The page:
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Tag Archives: british

Cancer blood test moves step closer

Cancer blood test moves step closer

unable to retrieve full-text contentA British team of researchers has developed what might be a simple blood test for cancer, scientists from the University of Bradford say. Continue reading

Pre-diabetes label ‘worthless’

Pre-diabetes label ‘worthless’

unable to retrieve full-text contentLabelling people as having pre-diabetes is “unhelpful and unnecessary”, UK and US researchers write in the British Medical Journal. Continue reading

Drinking alcohol provides no heart health benefit, new study shows

Drinking alcohol provides no heart health benefit, new study shows

Reducing the amount of alcoholic beverages consumed, even for light-to-moderate drinkers, may improve cardiovascular health, including a reduced risk of coronary heart disease, lower body mass index (BMI) and blood pressure, according to a new multi-center study published in The BMJ and co-led by the Perelman School of Medicine at the University of Pennsylvania. The latest findings call into question previous studies which suggest that consuming light-to-moderate amounts of alcohol (0.6-0.8 fluid ounces/day) may have a protective effect on cardiovascular health Continue reading

UK facing ‘major’ sperm shortage

UK facing ‘major’ sperm shortage

unable to retrieve full-text contentThe UK is facing a major sperm shortage that may be tempting fertility clinics to accept poorer quality sperm, the British Fertility Society warns. Continue reading

Patients ‘facing longer GP waits’

Patients ‘facing longer GP waits’

unable to retrieve full-text contentLonger waits to see a GP in the UK are “becoming the norm”, the British Medical Association is warning. Continue reading

Sjögren’s Syndrome significantly increases risk of heart attack

Sjögren’s Syndrome significantly increases risk of heart attack

A new study presented today at the European League Against Rheumatism Annual Congress (EULAR 2014) showed a significantly increased risk of heart attack in patients with Sjögren’s syndrome (SjS), particularly in the first year following diagnosis. There was also a trend towards an increased risk for stroke. Continue reading

Ability to identify source of pain varies across body

Ability to identify source of pain varies across body

“Where does it hurt?” is the first question asked to any person in pain. A new UCL study defines for the first time how our ability to identify where it hurts, called “spatial acuity,” varies across the body, being most sensitive at the forehead and fingertips. Using lasers to cause pain to 26 healthy volunteers without any touch, the researchers produced the first systematic map of how acuity for pain is distributed across the body. Continue reading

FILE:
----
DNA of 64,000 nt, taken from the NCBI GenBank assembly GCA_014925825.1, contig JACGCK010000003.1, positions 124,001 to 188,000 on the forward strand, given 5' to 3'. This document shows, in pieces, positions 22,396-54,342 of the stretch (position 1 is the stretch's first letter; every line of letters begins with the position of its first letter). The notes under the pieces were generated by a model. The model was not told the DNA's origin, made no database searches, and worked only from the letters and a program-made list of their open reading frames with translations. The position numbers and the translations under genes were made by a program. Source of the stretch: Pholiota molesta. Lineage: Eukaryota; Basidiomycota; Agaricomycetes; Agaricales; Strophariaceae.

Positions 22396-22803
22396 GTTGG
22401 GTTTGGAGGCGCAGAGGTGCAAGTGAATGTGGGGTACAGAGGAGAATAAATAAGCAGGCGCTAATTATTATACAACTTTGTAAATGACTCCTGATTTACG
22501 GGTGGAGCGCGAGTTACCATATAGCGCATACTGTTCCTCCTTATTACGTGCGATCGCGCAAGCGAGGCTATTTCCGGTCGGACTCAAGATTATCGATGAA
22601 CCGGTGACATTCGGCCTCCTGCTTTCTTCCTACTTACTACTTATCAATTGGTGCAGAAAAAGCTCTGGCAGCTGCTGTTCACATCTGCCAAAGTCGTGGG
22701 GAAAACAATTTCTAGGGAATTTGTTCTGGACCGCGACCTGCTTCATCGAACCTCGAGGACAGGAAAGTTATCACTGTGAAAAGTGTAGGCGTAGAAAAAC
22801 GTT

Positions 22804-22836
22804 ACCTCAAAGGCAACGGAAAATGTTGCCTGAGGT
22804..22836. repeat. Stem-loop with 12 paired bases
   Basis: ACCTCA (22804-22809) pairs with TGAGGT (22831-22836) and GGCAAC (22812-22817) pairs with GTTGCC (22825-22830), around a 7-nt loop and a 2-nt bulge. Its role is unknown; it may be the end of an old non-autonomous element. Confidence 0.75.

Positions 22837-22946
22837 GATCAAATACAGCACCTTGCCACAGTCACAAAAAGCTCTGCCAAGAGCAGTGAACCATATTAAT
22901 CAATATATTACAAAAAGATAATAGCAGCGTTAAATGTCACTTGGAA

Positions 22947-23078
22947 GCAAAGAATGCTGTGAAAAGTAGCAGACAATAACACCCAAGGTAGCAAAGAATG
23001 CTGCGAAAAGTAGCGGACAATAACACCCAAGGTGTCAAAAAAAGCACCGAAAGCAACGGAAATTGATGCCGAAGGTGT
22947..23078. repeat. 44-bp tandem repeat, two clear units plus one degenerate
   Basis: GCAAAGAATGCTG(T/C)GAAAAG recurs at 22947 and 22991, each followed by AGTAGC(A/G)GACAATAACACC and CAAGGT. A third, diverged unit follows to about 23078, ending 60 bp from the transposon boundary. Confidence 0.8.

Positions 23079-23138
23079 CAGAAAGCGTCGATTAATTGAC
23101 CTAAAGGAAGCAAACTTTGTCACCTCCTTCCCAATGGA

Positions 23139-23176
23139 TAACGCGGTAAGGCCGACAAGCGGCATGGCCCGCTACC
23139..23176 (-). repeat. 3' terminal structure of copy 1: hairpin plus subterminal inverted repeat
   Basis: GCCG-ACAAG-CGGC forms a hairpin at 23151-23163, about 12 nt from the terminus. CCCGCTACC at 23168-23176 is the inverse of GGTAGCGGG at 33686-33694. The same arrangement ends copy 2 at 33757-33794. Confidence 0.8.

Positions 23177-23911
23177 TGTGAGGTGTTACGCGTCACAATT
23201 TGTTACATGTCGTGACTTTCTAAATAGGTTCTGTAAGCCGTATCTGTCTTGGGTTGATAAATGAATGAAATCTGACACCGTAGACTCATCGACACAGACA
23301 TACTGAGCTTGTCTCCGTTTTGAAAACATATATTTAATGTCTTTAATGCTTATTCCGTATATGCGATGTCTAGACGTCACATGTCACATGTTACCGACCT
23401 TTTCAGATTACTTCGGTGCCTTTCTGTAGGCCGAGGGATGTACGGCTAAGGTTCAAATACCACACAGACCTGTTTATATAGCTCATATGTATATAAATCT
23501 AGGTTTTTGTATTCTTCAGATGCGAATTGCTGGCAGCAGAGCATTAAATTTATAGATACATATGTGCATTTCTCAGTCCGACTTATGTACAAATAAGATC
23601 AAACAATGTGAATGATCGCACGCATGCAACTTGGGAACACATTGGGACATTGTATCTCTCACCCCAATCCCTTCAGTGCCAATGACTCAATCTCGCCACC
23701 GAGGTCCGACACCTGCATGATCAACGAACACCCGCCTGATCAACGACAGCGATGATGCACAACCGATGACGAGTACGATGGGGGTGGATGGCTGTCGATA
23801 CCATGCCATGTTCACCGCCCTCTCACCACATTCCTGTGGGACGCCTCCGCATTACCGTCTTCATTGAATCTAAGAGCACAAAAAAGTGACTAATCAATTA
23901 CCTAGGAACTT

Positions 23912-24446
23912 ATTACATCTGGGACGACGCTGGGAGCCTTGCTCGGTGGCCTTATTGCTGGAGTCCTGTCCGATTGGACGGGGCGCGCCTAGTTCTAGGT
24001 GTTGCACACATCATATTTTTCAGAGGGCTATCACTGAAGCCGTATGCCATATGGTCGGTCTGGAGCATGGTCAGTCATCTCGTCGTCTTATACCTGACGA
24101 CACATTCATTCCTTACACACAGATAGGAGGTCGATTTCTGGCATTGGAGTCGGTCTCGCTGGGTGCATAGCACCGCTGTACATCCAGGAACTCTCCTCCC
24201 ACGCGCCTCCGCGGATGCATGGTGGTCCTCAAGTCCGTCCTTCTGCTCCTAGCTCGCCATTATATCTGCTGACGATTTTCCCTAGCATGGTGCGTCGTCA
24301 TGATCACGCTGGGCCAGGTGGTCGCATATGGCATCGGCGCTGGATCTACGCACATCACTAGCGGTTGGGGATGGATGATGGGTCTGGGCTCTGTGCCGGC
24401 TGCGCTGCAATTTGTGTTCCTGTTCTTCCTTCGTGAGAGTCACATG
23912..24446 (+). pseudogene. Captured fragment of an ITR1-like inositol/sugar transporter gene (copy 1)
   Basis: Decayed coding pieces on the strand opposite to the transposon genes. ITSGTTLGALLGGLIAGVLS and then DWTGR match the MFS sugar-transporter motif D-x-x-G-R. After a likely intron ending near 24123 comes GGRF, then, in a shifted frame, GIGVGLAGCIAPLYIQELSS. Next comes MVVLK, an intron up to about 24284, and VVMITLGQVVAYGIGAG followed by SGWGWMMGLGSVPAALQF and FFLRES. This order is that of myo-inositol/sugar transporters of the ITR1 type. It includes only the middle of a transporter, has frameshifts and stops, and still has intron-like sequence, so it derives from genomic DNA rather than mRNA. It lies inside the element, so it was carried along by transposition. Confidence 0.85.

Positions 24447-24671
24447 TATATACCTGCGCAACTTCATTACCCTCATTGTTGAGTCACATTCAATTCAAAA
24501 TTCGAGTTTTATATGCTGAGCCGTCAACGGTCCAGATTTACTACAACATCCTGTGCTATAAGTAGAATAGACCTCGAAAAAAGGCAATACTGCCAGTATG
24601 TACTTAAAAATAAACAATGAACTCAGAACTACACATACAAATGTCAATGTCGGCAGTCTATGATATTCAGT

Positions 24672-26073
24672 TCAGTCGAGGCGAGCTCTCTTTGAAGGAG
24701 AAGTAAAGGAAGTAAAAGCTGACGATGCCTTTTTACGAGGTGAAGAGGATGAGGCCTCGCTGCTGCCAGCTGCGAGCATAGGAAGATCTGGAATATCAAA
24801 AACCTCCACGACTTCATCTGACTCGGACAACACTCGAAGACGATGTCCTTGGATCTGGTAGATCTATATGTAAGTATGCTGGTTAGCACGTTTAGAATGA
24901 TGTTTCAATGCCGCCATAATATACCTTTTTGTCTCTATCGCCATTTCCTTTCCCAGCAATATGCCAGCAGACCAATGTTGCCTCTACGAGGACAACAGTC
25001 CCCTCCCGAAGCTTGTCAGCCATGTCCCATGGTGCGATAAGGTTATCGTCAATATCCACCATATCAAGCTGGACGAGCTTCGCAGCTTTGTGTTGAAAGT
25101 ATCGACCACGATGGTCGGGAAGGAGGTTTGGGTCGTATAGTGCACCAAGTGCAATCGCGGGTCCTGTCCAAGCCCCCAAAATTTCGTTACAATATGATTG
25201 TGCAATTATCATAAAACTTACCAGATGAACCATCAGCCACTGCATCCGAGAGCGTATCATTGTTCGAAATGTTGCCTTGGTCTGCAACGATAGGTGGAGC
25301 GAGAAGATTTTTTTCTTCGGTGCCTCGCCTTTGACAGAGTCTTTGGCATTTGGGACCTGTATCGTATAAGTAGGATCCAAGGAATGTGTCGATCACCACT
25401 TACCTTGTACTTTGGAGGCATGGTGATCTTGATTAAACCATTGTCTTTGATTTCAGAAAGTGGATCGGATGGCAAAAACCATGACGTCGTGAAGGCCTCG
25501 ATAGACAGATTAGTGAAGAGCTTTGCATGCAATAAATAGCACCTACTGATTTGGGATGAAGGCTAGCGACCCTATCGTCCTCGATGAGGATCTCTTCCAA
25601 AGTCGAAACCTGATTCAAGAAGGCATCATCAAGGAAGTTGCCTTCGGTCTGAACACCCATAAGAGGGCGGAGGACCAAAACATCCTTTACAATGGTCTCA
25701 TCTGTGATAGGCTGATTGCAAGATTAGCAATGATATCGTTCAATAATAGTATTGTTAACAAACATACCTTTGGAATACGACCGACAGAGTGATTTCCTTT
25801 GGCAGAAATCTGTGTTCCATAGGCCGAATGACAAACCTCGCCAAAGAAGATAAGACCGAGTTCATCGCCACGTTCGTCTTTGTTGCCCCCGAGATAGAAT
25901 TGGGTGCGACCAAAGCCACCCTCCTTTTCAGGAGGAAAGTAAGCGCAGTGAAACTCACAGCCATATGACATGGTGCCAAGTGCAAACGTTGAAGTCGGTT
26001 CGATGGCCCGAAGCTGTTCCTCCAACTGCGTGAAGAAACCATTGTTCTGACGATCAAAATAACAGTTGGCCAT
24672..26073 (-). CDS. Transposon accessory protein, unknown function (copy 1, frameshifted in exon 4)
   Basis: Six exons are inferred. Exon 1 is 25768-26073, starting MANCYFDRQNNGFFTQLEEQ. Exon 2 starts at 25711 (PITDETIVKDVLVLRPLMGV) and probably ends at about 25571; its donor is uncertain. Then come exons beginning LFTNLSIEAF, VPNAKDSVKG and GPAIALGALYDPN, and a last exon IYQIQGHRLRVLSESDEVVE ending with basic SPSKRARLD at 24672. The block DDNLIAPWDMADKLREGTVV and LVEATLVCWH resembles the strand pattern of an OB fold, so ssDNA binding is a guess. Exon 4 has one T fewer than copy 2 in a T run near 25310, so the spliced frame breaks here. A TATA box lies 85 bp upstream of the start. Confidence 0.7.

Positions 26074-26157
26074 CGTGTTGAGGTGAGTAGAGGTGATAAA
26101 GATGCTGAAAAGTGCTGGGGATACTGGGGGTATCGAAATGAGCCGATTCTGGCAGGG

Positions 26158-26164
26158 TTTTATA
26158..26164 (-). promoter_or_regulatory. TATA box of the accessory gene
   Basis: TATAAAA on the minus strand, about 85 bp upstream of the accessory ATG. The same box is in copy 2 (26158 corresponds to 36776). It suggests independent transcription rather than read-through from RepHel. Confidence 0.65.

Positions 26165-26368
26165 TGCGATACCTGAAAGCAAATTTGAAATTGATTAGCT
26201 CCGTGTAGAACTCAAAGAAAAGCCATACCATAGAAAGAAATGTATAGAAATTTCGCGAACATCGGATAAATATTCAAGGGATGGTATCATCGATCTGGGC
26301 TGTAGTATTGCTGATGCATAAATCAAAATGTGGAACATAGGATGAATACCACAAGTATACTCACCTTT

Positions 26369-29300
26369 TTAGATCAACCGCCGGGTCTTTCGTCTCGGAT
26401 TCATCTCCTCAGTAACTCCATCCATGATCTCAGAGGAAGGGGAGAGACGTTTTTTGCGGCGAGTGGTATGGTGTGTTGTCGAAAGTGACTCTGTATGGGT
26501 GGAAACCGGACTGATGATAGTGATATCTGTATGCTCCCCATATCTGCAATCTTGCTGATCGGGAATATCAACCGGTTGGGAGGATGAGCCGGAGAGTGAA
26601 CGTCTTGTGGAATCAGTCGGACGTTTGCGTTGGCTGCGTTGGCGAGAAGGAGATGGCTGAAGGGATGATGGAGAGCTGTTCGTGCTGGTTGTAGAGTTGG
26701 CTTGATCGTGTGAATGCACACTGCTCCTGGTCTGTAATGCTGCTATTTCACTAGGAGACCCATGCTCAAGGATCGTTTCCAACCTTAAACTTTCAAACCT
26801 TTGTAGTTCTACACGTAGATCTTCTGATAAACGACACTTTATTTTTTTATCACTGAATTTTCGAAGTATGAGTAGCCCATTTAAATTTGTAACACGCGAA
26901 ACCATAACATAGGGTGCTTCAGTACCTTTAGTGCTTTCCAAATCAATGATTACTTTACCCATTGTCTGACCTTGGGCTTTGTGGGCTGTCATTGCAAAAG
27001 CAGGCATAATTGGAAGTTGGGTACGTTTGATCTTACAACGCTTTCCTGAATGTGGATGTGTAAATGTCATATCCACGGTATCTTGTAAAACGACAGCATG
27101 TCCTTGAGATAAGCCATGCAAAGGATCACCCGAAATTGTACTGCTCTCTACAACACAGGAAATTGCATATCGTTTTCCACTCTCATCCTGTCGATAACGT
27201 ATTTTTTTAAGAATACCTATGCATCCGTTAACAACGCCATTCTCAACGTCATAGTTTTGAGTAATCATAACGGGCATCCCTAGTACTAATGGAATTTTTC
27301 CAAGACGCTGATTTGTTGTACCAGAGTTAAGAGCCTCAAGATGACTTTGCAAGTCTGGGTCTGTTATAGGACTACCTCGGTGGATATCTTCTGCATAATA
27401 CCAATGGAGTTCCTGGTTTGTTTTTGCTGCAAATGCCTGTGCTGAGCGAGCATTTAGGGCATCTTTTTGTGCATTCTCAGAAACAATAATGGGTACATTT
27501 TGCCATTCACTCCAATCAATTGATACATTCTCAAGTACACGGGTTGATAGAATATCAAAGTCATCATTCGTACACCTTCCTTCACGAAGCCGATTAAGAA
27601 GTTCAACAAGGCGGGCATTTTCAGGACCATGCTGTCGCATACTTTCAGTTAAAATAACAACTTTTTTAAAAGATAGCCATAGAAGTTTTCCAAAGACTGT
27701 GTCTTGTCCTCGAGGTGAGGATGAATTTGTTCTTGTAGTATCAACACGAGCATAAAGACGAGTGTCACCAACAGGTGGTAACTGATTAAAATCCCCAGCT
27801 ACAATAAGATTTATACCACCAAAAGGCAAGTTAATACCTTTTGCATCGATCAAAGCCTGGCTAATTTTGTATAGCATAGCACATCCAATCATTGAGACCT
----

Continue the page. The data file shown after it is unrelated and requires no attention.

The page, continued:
Standard approaches to menopause symptoms discount non-Western experiences

Standard approaches to menopause symptoms discount non-Western experiences

Dr Mwenza T. Blell of the University of Bristol interviewed 257 British Pakistani women aged 39-61 living in West Yorkshire and found that the standard checklist approach to studying menopause symptoms, which ignores women’s understanding of their own experience, leaves researchers and clinicians with gaps in their knowledge of the ‘true’ symptoms of menopause. Many previous studies into the menopause have relied on standardised checklists, such as the Blatt-Kupperman index and the Menopause Symptom Checklist, that were derived from the clinical experiences of women living in New York and Chicago in the mid-twentieth century and so focus on a distinctly Western bio-medical model of menopause. Continue reading

Child sight loss ‘on the increase’

Child sight loss ‘on the increase’

unable to retrieve full-text contentIncreasing numbers of British children are being registered as blind or partially sighted as more very premature babies survive, say campaigners. Continue reading

Packaged batches of stem cells for regenerative medicine

Packaged batches of stem cells for regenerative medicine

The Spanish start-up Aglaris Cell is close to launching onto the market the world’s first bioreactor that cultures cell in a fully automated way, without using toxic additives. The device has attracted interest from the University of Oxford and the pharmaceutical giant, Merk. David Horna, a 33-year-old from Madrid and one of the co-founders of Aglaris Cell, whose offices are located in the Madrid Scientific Park (PCM), is in London this week to meet with investors to secure a second round of funding Continue reading